One way the Chinese regime extends its global subversion and influence is by recruiting and spying on experts abroad. The Chinese Communist Party (CCP) is trying to recruit or spy on thousands of French experts using fake LinkedIn accounts, according to Le Figaro.
Several hundred people have been compromised, the French paper reported.
Chinese agents targeted some 4,000 French individuals, including civil servants, scientists, high-level managers, and other influential figures, Le Figaro reported on Oct. 23. Of that figure, about 1,700 are employed or otherwise involved with national institutions.
The agents use fake LinkedIn accounts to present themselves as entrepreneurial representatives, think tank members, or consultants, who offer all-expenses-paid trips to China to the experts they are trying to recruit.
The report cited examples of how these experts were enticed. In one instance, a 37-year-old contract executive at the French Ministry for the Economy and Finance was contacted by an Asian recruiter via LinkedIn. The executive accepted an initial meeting in China, which, in fact, involved a tourist “working” excursion to southeast Asia. Following a two-hour interview, the group spent four days scuba diving and visiting scenic tropical islands.
According to Le Figaro, the Chinese agents were able to use this method to establish relationships with their French targets. Meanwhile, the Chinese regime used incriminating photos and financial records from the trips as resources for potential blackmail, thus gaining leverage over the experts.
An Oct. 19 report delivered by French intelligence agencies to Paris warned of a widespread Chinese espionage network using professional social-media accounts, including LinkedIn, to contact important figures.
According to the Le Figaro report, this kind of overt espionage is conducted by the Chinese Ministry of State Security (MSS), the CCP’s main intelligence agency. The MSS employs about 200,000 people, while the total manpower of France’s General Directorate for External Security, (DGSE), which oversees foreign intelligence, is just 10,000. Despite this gap in numbers, however, French authorities are taking the situation seriously. Citing a French government report, Le Figaro described the extent of the MSS’s activities as representing an “unprecedented threat” to French national security.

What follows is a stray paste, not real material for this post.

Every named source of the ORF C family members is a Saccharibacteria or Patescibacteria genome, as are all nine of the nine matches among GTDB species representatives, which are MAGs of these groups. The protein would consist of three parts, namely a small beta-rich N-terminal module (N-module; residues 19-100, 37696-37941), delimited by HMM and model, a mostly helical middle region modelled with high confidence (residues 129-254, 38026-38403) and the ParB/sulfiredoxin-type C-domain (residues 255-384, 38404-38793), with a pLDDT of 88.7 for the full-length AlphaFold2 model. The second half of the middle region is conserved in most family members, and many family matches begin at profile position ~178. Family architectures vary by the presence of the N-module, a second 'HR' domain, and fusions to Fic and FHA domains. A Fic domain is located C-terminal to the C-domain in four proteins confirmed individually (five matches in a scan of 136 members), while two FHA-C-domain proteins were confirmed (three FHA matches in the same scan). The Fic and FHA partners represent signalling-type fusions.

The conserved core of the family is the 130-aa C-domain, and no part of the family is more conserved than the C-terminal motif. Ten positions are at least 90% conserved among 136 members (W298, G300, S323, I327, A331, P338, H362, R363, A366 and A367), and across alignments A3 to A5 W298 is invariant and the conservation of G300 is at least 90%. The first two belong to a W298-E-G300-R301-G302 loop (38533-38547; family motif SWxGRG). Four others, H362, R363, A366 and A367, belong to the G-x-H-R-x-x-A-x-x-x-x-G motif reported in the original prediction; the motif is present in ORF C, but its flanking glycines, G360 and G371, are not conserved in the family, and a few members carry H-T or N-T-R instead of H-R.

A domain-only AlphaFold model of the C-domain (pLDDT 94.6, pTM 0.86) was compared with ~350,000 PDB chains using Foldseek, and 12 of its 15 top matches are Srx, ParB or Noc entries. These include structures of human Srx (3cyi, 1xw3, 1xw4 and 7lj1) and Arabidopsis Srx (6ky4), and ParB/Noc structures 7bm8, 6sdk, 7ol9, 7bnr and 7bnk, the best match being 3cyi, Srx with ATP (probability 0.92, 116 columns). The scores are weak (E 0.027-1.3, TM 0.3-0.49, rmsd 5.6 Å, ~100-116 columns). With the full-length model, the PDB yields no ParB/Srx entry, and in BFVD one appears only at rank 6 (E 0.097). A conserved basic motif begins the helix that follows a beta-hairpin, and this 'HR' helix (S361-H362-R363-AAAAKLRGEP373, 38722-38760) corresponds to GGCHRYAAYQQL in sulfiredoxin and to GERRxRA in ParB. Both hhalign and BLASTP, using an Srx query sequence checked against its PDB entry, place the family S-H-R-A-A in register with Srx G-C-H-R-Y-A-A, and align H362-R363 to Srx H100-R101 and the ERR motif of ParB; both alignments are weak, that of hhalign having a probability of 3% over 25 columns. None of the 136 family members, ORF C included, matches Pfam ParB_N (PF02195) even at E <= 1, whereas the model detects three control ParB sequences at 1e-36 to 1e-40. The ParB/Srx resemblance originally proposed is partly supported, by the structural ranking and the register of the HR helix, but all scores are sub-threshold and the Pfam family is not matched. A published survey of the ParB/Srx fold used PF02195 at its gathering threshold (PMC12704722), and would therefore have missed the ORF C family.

Similar Chinese operations have received attention from other European governments. German and British authorities have issued warnings to their citizens regarding CCP attempts to recruit them by various hidden means. A U.S. intelligence official also has publicly addressed the issue.
In December 2017, Germany’s Bundesamt für Verfassungsschutz (BfV), the country’s domestic intelligence agency, warned that China was using fake accounts on LinkedIn and other social media to spy on individuals such as politicians, high-ranking officials, and staff at other high-value institutions. The BfV said more than 10,000 Germans were contacted by Chinese agents using fake accounts.
“Chinese intelligence services are active on networks like LinkedIn and have been trying for a while to extract information and find intelligence sources in this way,” a spokesperson told the Telegraph on Dec. 10, 2017.
In August, Reuters reported that the CCP’s spy agencies are attempting to recruit Americans with access to government and business secrets by using fake LinkedIn profiles.
William Evanina, the U.S. counterintelligence chief, told Reuters the CCP’s spying campaign had contacted thousands of LinkedIn members, but he didn’t reveal details.
U.S. officials have said that the MSS has employed agents to set up fake social-media accounts to seek people who are experts in supercomputing, nuclear energy, semiconductors, health care, green energy, and other sensitive fields.
Zhu Ming, a New York-based commentator, says that as more and more countries become aware of the CCP’s infiltration tactics and take counterintelligence measures, Beijing will find it increasingly difficult to exert global influence.